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Old December 6th, 2008, 11:20 AM   #1
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Settings for widest dynamic range....

What are some good settings so i can get the widest latitude/dynamic range from the XL2?

I want the cleanest image possible with as much detail in the shadows, etc

Mike
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Old January 3rd, 2009, 10:18 PM   #2
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Does anyone out there have any settings that could help me get the most latitude out of the camera?
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Old January 4th, 2009, 01:31 AM   #3
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I"ll take a stab.


I would set the knee to "low"--this'll allow you to retain the most information in the highlights (point your cam out a window on a sunny day, get everything outside to blow out, and then cycle from "low" to "high", and you should be able to watch the dynamic range change).

As for the shadows/blacks, you have several parameters you can adjust. . .gamma, blacks , master pedestal, and setup.

normal gamma will give you more dynamic range

black stretch will give you more dynmic range

setting master ped and setup to +7 (or whatever the highest to the right you can move the slider) will give you the most detail in dark areas, though at a certain point you won't gain any more detail and will just wash out the picture. You'll have to do some tests to see at what point this happens.

I wanted to note that with some of these settings, though you increase your dynamic range, you do get a weirdness in the darkest parts of the picture, where, even though a certain region may be visible, it won't really have much, if any, color info, but instead will be kind of a grey blue. Almost like it's black and white, except it's got a bluish tinge. This happens when something is way underexposed, but the camera is still trying to give you detail in those areas. I personally find it unattractive (I would rather see the detail fall off to blackness/nothing at that point instead), but to each his own.
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Old January 4th, 2009, 10:19 AM   #4
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Originally Posted by Josh Bass View Post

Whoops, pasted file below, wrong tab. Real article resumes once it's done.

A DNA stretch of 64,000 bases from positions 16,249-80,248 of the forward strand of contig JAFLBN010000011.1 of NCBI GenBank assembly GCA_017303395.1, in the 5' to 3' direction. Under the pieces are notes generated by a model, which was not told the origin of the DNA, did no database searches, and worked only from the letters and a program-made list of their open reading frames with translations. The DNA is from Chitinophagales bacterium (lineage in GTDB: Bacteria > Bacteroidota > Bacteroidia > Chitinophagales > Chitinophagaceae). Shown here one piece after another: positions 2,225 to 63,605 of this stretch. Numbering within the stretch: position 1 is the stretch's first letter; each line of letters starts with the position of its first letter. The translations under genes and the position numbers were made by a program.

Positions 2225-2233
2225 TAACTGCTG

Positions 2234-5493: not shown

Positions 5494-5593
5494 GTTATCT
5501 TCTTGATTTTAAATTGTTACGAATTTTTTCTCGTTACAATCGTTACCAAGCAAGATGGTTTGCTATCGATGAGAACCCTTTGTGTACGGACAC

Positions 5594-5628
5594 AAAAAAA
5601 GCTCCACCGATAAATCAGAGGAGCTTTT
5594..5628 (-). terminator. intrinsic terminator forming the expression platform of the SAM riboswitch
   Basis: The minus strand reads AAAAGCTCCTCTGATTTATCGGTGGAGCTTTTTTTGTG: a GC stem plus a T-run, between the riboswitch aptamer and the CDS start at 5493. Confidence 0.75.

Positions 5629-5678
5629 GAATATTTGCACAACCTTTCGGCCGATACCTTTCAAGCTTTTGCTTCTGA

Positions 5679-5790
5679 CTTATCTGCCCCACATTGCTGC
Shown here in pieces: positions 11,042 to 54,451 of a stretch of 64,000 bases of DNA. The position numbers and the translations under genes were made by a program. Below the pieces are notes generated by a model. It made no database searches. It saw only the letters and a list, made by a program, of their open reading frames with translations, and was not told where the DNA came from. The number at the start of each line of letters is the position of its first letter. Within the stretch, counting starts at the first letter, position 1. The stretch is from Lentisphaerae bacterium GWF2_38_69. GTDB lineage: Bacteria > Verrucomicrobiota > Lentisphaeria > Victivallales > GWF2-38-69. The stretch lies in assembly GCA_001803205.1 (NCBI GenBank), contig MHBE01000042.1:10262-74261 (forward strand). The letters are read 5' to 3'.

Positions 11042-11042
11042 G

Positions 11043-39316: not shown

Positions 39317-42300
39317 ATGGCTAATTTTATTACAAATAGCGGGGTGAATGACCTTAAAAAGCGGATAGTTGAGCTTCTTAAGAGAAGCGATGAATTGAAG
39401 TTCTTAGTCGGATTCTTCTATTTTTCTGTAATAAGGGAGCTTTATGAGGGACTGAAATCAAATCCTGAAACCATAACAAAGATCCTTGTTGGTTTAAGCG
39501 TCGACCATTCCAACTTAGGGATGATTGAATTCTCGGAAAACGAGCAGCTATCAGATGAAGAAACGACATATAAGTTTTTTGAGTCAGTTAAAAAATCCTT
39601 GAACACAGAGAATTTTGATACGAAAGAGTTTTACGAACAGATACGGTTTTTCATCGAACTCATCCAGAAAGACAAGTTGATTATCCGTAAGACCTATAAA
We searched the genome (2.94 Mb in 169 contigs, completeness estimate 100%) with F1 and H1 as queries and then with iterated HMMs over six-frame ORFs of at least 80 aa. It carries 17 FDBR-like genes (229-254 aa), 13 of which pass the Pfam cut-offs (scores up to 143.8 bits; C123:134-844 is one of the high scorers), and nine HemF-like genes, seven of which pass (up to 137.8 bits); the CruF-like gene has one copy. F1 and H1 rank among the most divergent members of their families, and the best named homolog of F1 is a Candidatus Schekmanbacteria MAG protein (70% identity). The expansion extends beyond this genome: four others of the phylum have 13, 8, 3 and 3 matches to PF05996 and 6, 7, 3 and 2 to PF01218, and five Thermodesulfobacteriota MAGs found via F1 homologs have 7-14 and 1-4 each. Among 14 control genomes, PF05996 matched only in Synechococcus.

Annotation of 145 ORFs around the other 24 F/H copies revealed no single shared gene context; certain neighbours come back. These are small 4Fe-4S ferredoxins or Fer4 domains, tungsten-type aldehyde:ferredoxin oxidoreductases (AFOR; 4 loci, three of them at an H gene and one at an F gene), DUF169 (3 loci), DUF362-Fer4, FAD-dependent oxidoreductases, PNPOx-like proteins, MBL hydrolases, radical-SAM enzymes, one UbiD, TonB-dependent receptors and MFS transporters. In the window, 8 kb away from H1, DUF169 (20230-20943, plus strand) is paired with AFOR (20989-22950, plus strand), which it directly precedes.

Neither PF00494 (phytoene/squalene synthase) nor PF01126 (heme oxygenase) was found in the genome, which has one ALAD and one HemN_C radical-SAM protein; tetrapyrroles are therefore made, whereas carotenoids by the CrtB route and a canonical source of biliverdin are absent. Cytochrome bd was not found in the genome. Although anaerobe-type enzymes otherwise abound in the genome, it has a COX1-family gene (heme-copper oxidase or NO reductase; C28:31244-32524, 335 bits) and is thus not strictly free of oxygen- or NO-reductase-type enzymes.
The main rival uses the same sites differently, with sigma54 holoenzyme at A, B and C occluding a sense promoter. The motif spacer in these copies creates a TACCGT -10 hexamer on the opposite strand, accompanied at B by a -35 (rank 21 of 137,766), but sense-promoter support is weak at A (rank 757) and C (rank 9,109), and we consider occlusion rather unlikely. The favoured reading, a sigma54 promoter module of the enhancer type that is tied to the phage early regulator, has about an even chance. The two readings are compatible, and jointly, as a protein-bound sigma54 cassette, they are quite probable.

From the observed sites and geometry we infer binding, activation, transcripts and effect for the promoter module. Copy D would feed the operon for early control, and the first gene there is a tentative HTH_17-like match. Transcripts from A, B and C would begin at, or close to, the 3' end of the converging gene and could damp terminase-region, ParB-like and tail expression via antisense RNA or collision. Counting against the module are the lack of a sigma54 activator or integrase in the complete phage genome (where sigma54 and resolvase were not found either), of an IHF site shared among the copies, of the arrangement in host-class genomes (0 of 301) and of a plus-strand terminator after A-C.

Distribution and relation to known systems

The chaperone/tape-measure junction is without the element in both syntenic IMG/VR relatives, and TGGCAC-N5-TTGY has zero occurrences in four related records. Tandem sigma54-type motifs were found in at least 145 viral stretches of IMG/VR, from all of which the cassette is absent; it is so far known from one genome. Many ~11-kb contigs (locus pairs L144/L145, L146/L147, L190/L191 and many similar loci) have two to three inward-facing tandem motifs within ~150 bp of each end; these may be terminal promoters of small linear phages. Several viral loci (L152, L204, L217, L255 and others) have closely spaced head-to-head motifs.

I wanted to note that with some of these settings, though you increase your dynamic range, you do get a weirdness in the darkest parts of the picture, where, even though a certain region may be visible, it won't really have much, if any, color info, but instead will be kind of a grey blue. Almost like it's black and white, except it's got a bluish tinge. This happens when something is way underexposed, but the camera is still trying to give you detail in those areas. I personally find it unattractive (I would rather see the detail fall off to blackness/nothing at that point instead), but to each his own.
I'm with you, Josh. I like my blacks, black.
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Old January 4th, 2009, 03:26 PM   #5
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Though, depending on your post process (are you shooting footage that you will edit or handing the tape off to someone else?), you can shoot with the weird looking blacks and crush them later, give yourself more playing room.
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Old January 4th, 2009, 04:15 PM   #6
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more playing room.
I guess "playing room" is what Michael refers to as dynamic range. By the way, this is also how we do it when recording music -- make sure to use the entire dynamic range and then, later, adjust the levels for each track in post.

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Old January 4th, 2009, 05:32 PM   #7
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Yeah, thanks. I understand what "playing room" means.
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Old January 5th, 2009, 12:29 AM   #8
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Very Cool, thanks for the advice guys :)

You RULE!

Mike~
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